Coleman’s Kantian Computers

Lucas Richard


In this paper I discuss the attempt by Coleman (1996) to suggest a mechanism for attributing a Kantian morality to computers. This is part of a larger project of Coleman to posit the likelihood of computers being moral agents. Here I will provide an outline of Coleman’s account, show what I think is wrong with it, what I think is right with it, and, lastly, suggest an alternative approach to computers being Kantian moral persons

In my outline of Coleman’s account I provide a non-evaluative summary. Coleman begins her account with the thought that at some point we do need to stop and consider the moral status of computational machines. She goes on to say that a great deal of the literature on the subject misses an important point when authors show that computers can, or cannot, be moral in the human sense. That is, the authors try to attribute human moral characteristics to computers. She then goes on to give an account of Kant’s moral theory including his conception of realms. She separates the notions of freedom and autonomy and describes how Kant reconciles freedom with determinism by putting freedom in the intelligible realm. She then makes the analogy of Kant’s realms with that of the components of computers (hardware and software). Coleman presents a strategy for being able to (re)create the Categorical Imperative in computers. She then turns her attention to problem solving and considers a number of common problem solving strategies. She says that they all have logic as their basis and that computers are likely to be able to implement them, being the ultimate logic machine (for this she uses the idea of a Turing Machine) that they are. For this she takes a programming approach calling the programming of problem solving and introduces a number of programs, Prational, Papply, Putility and Pinterest for deriving moral principles. Eventually she concludes that computational personhood is possible.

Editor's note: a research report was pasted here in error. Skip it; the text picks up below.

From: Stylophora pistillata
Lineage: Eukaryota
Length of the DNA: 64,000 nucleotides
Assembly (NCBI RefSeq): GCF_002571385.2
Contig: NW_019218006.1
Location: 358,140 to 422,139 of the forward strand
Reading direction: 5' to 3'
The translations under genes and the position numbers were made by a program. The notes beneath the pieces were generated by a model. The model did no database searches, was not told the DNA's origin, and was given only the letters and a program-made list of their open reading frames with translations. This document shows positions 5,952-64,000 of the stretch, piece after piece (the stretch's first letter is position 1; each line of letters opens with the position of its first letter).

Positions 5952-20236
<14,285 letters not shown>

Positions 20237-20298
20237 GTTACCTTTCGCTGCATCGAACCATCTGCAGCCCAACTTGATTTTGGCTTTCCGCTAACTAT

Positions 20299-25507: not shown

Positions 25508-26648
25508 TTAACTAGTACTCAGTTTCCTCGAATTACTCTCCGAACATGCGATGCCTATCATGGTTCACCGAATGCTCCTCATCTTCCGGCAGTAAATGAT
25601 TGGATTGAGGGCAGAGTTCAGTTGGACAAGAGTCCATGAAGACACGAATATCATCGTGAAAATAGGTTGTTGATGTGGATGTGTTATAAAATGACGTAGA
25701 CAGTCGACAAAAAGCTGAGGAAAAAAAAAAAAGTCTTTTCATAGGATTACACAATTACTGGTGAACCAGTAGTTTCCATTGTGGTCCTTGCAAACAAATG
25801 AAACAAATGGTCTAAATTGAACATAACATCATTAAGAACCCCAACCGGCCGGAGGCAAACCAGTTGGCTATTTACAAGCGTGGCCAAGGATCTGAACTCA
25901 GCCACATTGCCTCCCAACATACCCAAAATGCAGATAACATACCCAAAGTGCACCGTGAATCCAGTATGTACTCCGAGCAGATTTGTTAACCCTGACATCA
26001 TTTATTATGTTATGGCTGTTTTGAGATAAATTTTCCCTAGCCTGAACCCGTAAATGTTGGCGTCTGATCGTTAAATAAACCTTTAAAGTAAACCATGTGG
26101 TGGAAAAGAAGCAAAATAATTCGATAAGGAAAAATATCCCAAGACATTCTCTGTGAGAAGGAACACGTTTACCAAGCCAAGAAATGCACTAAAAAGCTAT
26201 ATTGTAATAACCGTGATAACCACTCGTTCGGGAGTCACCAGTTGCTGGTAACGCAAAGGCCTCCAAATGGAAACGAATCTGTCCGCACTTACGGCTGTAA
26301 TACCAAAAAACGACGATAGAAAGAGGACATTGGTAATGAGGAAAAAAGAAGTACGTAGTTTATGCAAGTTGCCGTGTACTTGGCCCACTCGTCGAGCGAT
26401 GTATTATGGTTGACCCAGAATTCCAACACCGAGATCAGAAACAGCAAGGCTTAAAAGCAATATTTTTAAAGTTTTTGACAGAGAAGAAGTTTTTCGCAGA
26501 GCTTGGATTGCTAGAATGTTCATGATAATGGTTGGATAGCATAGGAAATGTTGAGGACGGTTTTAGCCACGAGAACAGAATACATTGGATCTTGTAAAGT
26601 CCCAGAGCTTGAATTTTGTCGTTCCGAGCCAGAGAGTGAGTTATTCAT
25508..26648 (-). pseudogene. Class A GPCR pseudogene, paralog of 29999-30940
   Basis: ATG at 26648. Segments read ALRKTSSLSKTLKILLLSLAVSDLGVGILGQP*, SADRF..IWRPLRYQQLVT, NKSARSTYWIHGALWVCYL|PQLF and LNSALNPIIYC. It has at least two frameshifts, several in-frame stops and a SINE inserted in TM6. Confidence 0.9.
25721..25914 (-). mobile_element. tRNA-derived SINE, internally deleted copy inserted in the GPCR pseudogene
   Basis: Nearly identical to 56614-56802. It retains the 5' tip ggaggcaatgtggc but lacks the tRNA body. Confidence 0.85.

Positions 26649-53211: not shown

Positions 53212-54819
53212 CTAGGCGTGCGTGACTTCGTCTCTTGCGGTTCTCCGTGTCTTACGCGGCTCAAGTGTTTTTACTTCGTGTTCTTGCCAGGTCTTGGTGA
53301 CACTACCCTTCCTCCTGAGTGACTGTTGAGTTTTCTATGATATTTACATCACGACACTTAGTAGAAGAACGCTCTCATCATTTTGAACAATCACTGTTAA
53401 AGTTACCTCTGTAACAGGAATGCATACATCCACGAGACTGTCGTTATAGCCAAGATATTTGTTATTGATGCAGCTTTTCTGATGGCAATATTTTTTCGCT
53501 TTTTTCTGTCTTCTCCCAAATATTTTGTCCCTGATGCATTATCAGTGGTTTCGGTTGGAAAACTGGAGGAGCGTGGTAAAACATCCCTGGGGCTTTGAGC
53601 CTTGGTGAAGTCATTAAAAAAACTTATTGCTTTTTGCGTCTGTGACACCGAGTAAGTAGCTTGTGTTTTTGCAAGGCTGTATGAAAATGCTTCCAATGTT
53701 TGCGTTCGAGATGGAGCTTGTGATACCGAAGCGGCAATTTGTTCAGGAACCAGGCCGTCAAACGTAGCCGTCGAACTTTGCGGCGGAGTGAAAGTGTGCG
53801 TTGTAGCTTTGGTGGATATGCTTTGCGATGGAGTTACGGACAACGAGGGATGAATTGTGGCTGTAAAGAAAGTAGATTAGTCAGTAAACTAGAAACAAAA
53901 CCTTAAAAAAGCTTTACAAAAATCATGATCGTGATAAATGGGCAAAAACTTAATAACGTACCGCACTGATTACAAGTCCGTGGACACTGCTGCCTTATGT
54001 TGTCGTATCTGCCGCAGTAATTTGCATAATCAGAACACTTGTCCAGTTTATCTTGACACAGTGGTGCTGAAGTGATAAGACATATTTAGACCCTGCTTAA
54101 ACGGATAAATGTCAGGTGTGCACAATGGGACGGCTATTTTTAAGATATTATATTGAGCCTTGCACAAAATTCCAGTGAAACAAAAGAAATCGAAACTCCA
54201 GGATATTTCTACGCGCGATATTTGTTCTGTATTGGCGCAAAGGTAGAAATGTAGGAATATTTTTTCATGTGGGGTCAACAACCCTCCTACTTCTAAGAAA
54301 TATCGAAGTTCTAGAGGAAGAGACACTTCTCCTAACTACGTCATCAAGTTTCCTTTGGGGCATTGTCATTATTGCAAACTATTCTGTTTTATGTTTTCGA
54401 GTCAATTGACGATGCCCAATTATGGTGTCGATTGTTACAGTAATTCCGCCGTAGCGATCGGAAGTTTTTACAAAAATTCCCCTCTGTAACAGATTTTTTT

After this summary I go on to critique her account. The shortcomings I find are: moral considerability vs moral persons, computer parts vs realms, freedom vs logic, understandability, with vs from, and, what she calls, missing bits. I will show why I think that these parts of her paper are problematic and introduce an alternative approach.

I claim that Coleman makes a straightforward mistake in conflating consideration with personhood. While all living (and possibly some others as well) entities are due moral consideration of some sort, this does not mean they are a person. We consider all sorts of entities (trees, dogs, etc.) when carrying out moral deliberation but none so far have claimed that trees are persons of any sort especially moral persons. So that cannot be what she means. This leaves the thought that the entity in question is considerable, that is, it is deserving of consideration. Coleman has something particular in mind when she says that an entity gains moral considerability, enough to make them persons. That something is the distinction between acting in accord with and from the moral law. This is the distinction that Kant thought made for moral persons.